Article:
Our conundrum was what to do with a narrow sloping sandy walkway next to the garden cottage cum bnb that is in a shaded area. There is no need for anyone to walk there, but it needed some sprucing up!
We had spent quite a bit in the past on planting sods of shade grass, tried it on two occasions but the gorgeous thick green grass soon turned into a dull straw colour until it eventually died!
We soon realised we would have to do something different and use manmade material; someone's suggestion of artificial grass however was a definite no-no!
Hubby who is a retired civil engineer, decided to build a permeable walkway on the side of the garden cottage, between the concrete boundary wall and the one side of the cottage, using a concrete grass block filled with pebbles, not grass!
This image below shows the pathway with the cottage wall on the left hand side - the cottage was built with pink quartzite sheared blocks; enhanced by colours used in the pathway.
When I first saw these concrete grass blocks, they were an ugly dark colour, but that was because it was not properly cured at that stage.
I was totally ignorant of the amount of work that had to be done before the pretty pathway would be complete and we could start planting in the existing planters we built previously in an attempt to grow vegetables! Of course not having enough sun there plus having wild monkeys that troop through the garden, we had very little crop, so gave up on that!
The pathway was built on a slightly sloped area which had to be shaped before the trench was dug.
Hubby explained that the trench had to be dug in the centre of the pathway, for the placing of a French drain consisting of a geo-pipe placed in a stone wrapped geo-fabric.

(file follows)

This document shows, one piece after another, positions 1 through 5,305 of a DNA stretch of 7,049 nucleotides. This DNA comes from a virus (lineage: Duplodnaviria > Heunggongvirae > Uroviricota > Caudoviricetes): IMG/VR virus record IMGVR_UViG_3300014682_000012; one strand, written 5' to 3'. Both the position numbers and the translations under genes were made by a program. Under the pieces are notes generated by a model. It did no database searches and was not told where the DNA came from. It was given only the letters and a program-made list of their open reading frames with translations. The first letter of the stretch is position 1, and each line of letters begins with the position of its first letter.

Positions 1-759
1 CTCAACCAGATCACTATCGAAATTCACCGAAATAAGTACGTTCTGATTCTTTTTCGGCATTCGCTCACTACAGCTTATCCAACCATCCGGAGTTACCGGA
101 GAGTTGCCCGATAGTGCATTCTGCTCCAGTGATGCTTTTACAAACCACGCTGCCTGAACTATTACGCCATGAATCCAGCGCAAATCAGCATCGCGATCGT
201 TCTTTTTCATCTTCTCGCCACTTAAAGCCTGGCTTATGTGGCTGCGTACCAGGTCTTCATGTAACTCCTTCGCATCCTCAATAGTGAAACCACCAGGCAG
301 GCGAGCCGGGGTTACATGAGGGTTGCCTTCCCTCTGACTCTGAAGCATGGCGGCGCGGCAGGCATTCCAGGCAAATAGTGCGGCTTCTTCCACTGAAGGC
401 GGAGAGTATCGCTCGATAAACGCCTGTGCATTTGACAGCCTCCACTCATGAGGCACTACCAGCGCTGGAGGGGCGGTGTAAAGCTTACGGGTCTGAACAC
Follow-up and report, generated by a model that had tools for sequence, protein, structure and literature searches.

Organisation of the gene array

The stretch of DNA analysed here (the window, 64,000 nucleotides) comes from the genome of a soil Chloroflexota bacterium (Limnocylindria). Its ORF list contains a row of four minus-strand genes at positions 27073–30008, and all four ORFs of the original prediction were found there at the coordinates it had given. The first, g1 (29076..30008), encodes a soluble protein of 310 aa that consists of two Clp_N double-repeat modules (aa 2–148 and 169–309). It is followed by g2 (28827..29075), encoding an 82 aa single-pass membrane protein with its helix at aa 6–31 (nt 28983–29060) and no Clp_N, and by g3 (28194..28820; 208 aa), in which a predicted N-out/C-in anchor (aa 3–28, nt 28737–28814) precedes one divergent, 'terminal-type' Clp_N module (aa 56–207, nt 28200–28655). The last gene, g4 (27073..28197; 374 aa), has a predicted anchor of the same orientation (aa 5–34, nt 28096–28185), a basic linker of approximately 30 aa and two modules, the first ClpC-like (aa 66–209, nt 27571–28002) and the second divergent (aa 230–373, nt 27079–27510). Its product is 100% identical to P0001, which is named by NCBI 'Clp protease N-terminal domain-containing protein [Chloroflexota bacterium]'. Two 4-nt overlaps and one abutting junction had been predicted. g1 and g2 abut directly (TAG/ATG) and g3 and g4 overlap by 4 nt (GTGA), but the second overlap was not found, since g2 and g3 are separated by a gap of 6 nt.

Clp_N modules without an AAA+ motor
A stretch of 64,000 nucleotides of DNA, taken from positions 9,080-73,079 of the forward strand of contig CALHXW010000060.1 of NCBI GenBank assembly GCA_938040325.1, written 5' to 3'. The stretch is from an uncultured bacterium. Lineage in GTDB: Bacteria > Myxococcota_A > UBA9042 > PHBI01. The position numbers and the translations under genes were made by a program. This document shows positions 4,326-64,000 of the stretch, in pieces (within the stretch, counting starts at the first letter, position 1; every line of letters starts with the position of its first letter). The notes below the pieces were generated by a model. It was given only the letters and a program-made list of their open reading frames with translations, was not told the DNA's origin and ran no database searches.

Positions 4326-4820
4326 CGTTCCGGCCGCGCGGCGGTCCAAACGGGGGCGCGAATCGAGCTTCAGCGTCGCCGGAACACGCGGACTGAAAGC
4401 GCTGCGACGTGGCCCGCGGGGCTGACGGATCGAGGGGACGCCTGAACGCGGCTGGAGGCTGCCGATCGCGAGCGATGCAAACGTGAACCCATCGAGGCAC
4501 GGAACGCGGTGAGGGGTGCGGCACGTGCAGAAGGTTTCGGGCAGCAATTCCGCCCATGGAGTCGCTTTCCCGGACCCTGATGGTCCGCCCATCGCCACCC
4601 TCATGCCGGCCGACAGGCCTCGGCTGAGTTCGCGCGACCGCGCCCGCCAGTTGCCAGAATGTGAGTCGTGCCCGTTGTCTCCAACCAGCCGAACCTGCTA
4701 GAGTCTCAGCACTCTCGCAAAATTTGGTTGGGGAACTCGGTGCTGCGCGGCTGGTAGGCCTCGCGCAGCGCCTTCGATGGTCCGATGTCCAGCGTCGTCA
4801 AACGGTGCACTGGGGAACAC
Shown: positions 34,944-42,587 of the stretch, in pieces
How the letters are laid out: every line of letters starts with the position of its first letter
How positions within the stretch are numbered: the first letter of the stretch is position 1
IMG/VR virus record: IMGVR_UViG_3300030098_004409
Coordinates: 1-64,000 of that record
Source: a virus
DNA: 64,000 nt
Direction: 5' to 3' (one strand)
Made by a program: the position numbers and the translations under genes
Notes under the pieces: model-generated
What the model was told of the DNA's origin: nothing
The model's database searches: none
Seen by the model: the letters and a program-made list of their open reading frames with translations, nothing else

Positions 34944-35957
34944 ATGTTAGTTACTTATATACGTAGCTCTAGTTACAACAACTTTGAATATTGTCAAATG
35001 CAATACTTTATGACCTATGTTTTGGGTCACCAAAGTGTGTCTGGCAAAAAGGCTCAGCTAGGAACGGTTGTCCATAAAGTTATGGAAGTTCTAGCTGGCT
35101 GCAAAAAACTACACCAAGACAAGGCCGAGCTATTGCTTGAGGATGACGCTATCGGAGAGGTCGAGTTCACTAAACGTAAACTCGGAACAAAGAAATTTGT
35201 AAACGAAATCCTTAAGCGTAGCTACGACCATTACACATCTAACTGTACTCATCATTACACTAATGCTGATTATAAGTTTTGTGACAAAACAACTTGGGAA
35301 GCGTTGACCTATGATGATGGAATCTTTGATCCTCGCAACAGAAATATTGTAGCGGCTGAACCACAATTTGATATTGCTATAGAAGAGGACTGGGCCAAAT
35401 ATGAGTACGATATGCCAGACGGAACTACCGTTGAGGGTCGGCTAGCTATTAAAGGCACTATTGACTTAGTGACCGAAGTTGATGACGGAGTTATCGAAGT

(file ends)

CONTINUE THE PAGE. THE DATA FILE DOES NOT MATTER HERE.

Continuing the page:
This was to catch run-off and seepage water during heavy rainfall to prevent erosion of the natural ground.
There was an existing inlet grid at the top of the walkway to collect surface water from the paved patio. This inlet is connected to an existing storm-water pipe and the new geo-pipe was connected into this pipe lower down which leads into a large soak-pit hubby built years previously.
The ground was now finally shaped and at the right level, in readiness for the placing of the blocks.
Not until it was covered with a geo-fabric topped with Umgeni sand!
I stopped asking questions and checking progress at this stage as I was only interested in seeing the job completed!
This is when I became interested again!
The grass blocks were filled with a combination of concrete stones at the bottom and Duzi pebbles on top.
We're being very careful in selecting shade plants and have started planting. We're sure this area will be as lush as the rest of our garden soon, but are very happy with the way this pathway has turned out, although that section of the garden is still a work in progress as we now have a large Wild Plum Tree that's roots are starting to pop up from underground just around the corner from the pathway, so that will be our next project.
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